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Science with social purpose
Science must serve society and it must have public accountability. The Budapest Meet of UNESCO in 1999

“In the 15 years nothing much or new has happened. There is still no social contract with science. It is business as usual,” said Dr. Jaime Jiménez, Member, Deptartment of Mathematical Modeling of Social Systems, México. He was speaking at the conclave of scientists on science, technology and innovation policy organised by the Zaheer Science Foundation (ZSF) in Delhi. Scientists from several countries, research institutions and academia attended the conclave.

Dr. M U Khan, Secretary of ZSF, described the evolution of the science policy: “the first scientific policy resolution was passed by the Parliament in 1958. The latest in 2013 expanded to science, technology and innovation.” Renowned scientists from across the globe shared their experiences and suggested the road map for a future and for building alliances.

Dr. T Ramasami, the architect of the innovation policy 2013, referred to India stepping up funding to two per cent of GPD for R&D. South Korea, known for innovation, spends four per cent of GDP on R&D and plans to increase it to six per cent by 2017, he pointed out.

Incremental, systemic and breakthrough innovation...

Distinguished scientist Dr G Thyagarajan said that NSTP is central to national development. He referred to the three stages in the evolution of technology and innovation: incremental, systemic and breakthrough. He cited the example of the spectacular development of the Indian drug industry as built on incremental innovation; the milk revolution and the green revolution as belonging to the second category and the recent successes in outer space like the Mars mission as breakthrough innovation.

Several scientists pointed to the success of China in focusing on knowledge acquisition. Dr. Aqueil Ahmad, Visiting Faculty, Elon University, USA pointed to China accounting for nearly a third of the total number of scientists with doctoral degrees in 2011 numbering 31,000.

The conference pointed to two alternatives: the first is to modify, adapt and build on the lessons learnt. Japan, South Korea and China have done this. The other is to attempt a disruptive approach to leap-frog development. The latter is tough but has the potential as a cost-effective alternative.

In the strong contingent of scientists, I was the odd man out - an economic journalist. I focused my presentation on the poor commitment of private sector on R&D up to 2000 AD. While renowned companies in Germany, US, Japan and South Korea spent around ten per cent of their huge turnover on R&D, for long Indian companies (except pharmaceutical companies) spent not even a fraction of one per cent. Sadly, higher institutes of learning like IITs also spent little on R&D. This was in contrast to the top ten universities in the US spending on an average $ 750 million each on R&D thanks to the liberal support received by them from the government, local community, companies and alumni. Luckily, today there is welcome improvements in this with a number of companies stepping up R&D spend. But academic research continues to be poor. It should not, therefore, be surprising that the record of India in terms of innovation of products and processes or patents remains poor.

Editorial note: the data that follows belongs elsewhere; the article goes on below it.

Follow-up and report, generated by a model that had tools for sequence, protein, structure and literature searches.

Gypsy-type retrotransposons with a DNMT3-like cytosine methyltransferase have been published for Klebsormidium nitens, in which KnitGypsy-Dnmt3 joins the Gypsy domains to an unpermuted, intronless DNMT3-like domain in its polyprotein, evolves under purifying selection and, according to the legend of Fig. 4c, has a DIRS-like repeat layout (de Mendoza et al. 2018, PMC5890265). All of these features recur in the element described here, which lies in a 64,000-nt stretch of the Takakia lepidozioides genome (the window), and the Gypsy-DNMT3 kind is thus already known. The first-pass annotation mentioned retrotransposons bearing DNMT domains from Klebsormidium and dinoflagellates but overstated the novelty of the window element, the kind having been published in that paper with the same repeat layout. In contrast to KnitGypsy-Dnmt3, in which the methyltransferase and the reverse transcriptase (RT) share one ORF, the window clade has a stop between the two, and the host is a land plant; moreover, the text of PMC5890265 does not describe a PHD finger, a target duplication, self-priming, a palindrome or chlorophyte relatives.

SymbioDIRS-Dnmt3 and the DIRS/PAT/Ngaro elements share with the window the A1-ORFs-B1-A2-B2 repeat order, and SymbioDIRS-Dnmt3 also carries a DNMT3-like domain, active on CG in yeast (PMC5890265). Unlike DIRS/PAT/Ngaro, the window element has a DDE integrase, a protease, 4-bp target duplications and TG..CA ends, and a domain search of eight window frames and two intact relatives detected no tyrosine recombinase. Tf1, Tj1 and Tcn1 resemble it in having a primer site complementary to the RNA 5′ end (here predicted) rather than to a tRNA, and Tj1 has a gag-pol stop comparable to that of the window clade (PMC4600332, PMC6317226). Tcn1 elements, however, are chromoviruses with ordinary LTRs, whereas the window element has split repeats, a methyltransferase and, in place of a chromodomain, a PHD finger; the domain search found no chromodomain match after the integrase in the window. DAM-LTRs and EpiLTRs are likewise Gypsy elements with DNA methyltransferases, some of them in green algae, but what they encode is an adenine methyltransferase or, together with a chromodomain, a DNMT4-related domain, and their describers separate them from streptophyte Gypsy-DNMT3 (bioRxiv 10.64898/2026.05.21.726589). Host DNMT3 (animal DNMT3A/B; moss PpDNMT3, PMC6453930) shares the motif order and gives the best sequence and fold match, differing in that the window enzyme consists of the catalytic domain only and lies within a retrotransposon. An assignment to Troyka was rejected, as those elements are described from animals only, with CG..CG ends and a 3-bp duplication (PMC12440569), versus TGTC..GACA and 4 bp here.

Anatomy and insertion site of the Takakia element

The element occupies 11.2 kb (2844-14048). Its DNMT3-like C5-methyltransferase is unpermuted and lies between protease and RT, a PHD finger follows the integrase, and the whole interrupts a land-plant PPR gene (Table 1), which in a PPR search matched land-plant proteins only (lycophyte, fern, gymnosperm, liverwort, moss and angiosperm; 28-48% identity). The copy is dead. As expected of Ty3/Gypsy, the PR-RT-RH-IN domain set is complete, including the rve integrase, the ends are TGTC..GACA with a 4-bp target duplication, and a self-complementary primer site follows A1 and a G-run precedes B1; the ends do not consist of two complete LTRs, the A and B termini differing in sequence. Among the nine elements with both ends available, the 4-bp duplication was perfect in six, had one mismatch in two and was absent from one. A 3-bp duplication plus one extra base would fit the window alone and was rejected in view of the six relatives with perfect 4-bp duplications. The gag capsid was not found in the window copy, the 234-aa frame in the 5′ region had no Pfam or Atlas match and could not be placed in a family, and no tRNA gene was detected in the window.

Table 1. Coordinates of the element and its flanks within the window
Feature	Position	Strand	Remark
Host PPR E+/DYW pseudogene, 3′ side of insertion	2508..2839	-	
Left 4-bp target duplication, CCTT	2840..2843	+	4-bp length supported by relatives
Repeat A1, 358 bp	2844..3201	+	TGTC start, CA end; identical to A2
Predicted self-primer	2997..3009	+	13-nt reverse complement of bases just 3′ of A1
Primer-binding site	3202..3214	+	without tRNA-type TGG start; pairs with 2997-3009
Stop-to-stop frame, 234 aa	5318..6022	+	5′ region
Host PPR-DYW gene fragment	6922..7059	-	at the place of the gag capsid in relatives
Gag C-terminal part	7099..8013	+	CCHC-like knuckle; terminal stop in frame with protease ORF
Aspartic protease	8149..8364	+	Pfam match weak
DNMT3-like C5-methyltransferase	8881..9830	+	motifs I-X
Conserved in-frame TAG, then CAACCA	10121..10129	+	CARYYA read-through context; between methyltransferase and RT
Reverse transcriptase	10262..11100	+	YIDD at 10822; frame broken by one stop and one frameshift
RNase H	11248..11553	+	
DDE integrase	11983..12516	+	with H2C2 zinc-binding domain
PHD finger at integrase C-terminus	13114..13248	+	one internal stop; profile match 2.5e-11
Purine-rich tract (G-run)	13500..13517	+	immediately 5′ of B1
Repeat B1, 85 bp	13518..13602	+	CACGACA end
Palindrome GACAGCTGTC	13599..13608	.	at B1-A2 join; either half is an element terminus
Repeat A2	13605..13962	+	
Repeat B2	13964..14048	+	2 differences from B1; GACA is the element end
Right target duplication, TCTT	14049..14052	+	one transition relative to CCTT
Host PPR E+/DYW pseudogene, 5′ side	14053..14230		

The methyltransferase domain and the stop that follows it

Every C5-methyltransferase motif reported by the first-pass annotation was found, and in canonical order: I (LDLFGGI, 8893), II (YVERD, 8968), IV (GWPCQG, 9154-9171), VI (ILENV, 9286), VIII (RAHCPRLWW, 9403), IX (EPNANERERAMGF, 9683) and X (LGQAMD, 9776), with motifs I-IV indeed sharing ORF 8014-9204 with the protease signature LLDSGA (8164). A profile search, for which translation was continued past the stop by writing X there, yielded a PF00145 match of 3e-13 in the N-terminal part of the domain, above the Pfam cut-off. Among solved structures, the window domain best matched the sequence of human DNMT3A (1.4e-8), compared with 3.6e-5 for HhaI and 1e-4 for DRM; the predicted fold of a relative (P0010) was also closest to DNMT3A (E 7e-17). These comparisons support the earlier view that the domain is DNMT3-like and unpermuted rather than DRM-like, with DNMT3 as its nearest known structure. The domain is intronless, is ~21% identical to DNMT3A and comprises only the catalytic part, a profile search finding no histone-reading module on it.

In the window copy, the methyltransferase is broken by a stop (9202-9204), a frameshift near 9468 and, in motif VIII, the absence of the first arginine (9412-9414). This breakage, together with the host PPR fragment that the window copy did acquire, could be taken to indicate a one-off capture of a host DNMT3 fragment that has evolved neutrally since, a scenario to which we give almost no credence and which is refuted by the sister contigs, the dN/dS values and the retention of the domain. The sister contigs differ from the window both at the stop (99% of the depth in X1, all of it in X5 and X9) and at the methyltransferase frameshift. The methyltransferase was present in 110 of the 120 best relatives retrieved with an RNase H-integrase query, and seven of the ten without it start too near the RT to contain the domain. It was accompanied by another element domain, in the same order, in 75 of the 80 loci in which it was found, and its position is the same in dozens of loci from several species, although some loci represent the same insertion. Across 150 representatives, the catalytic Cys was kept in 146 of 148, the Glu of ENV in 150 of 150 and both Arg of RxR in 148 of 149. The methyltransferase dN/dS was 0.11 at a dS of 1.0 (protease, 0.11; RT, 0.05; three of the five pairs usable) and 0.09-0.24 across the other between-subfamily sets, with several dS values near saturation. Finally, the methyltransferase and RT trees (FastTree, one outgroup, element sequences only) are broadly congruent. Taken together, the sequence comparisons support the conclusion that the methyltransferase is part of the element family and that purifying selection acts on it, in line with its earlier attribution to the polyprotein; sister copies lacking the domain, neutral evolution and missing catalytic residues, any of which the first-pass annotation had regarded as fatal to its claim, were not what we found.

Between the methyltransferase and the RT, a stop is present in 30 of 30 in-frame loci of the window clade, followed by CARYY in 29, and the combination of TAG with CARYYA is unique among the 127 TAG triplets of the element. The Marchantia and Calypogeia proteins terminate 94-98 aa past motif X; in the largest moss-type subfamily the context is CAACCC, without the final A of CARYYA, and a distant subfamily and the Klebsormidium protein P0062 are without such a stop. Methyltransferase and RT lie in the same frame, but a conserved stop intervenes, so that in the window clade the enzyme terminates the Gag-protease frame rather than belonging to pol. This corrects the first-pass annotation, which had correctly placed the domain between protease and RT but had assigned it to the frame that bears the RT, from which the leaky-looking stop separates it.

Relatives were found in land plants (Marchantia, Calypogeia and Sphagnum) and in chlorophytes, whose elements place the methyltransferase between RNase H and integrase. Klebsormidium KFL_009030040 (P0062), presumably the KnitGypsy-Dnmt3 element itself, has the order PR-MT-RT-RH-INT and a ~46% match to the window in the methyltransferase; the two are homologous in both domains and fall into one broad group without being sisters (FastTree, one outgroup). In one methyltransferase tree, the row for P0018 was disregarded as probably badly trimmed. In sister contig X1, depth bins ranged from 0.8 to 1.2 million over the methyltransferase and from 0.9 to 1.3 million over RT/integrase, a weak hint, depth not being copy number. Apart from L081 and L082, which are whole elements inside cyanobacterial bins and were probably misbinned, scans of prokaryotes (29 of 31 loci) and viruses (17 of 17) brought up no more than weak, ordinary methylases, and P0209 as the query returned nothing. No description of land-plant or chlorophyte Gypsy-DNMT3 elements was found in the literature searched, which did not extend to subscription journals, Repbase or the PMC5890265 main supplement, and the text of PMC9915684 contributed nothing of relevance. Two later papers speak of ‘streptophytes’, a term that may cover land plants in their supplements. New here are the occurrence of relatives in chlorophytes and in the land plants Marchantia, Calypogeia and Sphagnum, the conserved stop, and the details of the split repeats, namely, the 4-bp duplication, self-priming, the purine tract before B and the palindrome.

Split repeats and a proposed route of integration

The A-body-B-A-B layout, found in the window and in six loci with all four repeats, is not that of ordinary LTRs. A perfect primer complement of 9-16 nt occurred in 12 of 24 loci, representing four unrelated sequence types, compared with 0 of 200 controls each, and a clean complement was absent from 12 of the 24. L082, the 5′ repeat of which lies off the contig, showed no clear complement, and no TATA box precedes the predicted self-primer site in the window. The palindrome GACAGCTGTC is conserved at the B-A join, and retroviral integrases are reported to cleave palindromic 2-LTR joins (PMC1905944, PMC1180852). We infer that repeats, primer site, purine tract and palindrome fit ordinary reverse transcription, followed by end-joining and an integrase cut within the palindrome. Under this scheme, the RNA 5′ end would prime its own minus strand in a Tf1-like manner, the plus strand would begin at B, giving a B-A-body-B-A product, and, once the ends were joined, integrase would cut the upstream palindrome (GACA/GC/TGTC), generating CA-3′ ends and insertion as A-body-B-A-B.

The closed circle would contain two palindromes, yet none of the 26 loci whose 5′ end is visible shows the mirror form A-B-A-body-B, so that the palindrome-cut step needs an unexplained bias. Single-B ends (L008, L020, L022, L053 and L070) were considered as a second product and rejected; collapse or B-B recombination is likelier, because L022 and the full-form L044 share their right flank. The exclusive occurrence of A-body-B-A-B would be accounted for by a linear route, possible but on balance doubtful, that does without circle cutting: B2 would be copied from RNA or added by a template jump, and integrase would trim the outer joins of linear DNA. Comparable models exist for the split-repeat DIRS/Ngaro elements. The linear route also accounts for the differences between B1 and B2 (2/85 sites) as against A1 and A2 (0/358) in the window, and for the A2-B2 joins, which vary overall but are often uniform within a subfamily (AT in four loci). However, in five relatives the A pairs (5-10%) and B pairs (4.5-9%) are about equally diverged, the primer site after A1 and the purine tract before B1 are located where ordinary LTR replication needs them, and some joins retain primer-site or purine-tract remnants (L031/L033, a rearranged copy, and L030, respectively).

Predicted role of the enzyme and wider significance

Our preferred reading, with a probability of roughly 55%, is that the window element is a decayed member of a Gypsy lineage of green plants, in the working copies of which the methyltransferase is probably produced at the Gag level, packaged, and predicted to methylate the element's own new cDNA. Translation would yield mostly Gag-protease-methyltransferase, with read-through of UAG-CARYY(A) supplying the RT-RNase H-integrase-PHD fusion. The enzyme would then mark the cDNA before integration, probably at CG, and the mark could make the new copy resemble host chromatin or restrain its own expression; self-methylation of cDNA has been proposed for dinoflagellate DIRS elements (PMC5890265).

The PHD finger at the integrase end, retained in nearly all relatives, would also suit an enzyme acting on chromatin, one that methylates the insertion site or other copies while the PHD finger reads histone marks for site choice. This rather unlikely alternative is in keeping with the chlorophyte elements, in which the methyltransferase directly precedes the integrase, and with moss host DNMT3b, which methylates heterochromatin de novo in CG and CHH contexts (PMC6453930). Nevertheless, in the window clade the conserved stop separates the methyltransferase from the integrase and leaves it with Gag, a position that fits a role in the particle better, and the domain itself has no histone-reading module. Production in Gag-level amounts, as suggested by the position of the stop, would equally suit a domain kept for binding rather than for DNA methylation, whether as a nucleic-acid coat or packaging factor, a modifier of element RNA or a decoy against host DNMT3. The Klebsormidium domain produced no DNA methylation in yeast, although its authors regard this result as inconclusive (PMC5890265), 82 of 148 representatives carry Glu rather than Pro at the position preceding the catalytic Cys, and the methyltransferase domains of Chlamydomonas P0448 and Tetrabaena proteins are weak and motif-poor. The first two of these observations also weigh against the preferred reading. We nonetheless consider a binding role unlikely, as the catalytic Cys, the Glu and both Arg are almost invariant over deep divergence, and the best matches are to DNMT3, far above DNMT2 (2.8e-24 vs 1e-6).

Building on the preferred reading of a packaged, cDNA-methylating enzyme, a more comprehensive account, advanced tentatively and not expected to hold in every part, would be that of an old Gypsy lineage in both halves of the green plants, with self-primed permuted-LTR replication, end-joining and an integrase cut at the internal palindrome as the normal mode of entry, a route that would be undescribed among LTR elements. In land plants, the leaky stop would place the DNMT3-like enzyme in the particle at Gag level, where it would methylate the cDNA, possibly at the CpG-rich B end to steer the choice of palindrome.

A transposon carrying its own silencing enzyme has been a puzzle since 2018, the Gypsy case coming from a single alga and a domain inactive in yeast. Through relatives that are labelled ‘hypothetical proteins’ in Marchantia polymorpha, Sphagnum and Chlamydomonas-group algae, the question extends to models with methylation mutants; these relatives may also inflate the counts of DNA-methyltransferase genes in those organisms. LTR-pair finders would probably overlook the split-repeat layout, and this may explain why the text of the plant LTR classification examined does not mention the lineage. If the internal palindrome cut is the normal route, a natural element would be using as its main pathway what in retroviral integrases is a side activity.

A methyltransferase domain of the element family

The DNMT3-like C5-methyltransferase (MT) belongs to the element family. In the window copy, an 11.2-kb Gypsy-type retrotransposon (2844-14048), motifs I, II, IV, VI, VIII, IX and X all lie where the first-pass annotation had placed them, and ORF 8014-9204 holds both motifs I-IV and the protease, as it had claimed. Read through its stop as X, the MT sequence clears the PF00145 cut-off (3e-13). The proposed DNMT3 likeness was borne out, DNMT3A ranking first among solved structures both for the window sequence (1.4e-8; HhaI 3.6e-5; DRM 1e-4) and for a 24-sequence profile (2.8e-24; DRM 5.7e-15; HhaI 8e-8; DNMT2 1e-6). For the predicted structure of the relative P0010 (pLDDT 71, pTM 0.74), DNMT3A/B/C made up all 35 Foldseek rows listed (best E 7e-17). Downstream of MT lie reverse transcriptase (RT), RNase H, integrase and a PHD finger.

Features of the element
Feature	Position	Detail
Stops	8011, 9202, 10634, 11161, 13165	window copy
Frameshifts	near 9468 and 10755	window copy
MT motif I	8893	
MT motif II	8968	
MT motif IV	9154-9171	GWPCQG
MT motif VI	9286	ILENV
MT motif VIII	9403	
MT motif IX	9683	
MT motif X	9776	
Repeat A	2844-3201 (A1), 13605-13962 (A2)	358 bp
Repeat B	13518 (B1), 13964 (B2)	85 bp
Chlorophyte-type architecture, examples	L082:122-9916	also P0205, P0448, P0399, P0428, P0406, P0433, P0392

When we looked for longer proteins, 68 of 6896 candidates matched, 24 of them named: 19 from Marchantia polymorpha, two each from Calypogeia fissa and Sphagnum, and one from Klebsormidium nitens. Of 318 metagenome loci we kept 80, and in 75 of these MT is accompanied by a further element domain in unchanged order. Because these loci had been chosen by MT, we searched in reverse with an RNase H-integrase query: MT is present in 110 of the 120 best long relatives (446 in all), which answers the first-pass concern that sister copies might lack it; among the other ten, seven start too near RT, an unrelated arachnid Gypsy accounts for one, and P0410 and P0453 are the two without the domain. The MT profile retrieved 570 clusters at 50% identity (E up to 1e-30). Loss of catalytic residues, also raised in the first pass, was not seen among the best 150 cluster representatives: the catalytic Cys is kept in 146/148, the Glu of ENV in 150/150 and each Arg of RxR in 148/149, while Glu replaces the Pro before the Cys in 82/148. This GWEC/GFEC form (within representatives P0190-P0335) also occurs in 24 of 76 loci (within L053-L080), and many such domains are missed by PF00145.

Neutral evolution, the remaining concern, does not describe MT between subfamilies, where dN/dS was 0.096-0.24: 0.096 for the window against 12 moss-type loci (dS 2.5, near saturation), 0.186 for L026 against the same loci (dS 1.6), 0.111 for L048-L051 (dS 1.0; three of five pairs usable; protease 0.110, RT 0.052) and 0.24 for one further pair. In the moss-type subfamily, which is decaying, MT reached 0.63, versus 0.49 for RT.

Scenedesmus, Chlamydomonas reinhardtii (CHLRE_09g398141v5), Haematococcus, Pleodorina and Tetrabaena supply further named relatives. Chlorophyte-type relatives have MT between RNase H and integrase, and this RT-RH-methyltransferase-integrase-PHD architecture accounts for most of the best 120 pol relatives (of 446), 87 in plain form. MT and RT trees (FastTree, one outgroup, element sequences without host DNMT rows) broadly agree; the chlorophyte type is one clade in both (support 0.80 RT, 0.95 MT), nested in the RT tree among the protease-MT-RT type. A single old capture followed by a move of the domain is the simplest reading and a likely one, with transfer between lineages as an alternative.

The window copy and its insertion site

There is the absence of a culture of R&D. I pointed to Siemens and Daimler Benz spending as high as ten per cent of turnover on R&D as early as in the 1960s. South Korea reached great heights in electronics with such focus by its companies like LG. Look at the flourishing Indian cement industry which thrives on a comfortable market that suffers humongous increase in prices – from around Rs 28 a bag of 50 kg three decades ago to Rs 375 today, even when production volumes sky-rocketed bringing with it advantages of scale. Six top cement companies spend a measly 0.3 per cent of turnover on R&D. It is no better for IT, steel, FMCG and other large oil corporations.

There are welcome signs. Over the last eight years the country has witnessed a new thrust towards science education. The INSPIRE programme introduced by the Department of Science & Technology supported by liberal funding is resulting in wider interest in science. Hopefully this focus on science would trigger innovation and development through research.  

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